In Little v. Schneider, defense counsel went into great detail during the trial describing Dr. Roger Schneider's credentials and qualifications. Schneider was not board certified.

The Court of Appeals ruled that when a physician is testifying as a fact witness and exceeds the reasonable limits of witness accreditation, he puts his credentials at issue and the trial judge does not abuse his discretion in ruling that the physician opened the door for the introduction of evidence of the doctor's lack of board certification.

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October 1, 2013

Insurer's Refusal to Pay Accidental Death Benefits After Man's Colon is Perforated During Surgery Upheld by Court

Scalpel.jpgA death seven hours after a colon perforation would seem to qualify as accidental. But, a woman's quest to obtain $67,000 in accidental death benefits under her husband's insurance policy has been stymied by her insurer ruling against her -- explaining that perforation is a known risk of colonoscopies -- and two federal courts deciding that the insurance company had not abused its discretion in making the decision.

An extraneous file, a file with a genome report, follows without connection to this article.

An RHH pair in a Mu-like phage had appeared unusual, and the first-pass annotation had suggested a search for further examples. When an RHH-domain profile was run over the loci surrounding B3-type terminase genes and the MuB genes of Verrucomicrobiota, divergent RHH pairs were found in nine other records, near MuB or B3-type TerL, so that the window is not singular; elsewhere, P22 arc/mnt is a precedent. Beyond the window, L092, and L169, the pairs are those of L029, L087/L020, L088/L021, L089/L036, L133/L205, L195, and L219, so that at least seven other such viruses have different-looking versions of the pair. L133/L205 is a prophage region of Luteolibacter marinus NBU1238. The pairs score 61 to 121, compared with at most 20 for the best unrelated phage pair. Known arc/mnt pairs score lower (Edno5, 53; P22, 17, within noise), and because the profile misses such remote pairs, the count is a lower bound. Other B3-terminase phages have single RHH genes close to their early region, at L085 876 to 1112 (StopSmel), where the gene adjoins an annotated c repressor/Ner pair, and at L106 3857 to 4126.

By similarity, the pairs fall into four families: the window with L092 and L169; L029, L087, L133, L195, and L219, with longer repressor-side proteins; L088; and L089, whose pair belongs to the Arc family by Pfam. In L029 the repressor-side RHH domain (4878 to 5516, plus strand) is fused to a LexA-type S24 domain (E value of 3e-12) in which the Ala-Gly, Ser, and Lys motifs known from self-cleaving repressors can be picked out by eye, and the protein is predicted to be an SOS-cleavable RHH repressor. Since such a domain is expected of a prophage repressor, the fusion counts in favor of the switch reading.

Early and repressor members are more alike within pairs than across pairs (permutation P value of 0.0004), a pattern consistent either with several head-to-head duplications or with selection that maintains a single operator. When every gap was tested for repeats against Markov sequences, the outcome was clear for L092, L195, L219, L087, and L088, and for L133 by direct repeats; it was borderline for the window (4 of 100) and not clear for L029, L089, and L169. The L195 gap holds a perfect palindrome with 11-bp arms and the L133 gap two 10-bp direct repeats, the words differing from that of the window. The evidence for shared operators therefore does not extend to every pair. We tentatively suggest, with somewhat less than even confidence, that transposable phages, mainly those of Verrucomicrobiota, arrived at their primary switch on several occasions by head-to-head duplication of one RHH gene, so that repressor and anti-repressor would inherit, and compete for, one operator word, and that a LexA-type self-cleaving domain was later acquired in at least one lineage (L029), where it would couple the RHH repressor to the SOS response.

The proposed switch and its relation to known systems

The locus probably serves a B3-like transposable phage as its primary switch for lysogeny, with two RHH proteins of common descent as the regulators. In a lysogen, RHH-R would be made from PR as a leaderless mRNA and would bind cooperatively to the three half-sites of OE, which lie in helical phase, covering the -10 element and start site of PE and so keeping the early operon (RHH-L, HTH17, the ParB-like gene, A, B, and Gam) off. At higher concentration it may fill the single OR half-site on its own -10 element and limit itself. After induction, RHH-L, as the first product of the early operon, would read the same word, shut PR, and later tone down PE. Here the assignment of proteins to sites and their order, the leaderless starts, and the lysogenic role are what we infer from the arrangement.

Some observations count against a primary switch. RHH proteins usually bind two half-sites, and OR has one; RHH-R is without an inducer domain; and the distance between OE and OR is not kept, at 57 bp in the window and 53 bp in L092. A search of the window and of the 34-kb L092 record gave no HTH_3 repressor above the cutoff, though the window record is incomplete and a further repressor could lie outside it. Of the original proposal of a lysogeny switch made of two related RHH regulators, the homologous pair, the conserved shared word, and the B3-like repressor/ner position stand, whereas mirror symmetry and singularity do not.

Sherri Thomas' husband, Duane Middleton, underwent a partial colonoscopy in February 2010. During the medical procedure, the cecum - lining -- of his colon was unintentionally perforated, resulting in his death a short time later.

The amended death certificate listed the manner of death as an accident and the cause of death as acute peritonitis due to perforation of the cecum during a colonoscopy, with hepatitis C, cirrhosis of the liver, hypertension, and chronic renal insufficiency as other significant conditions contributing to his death.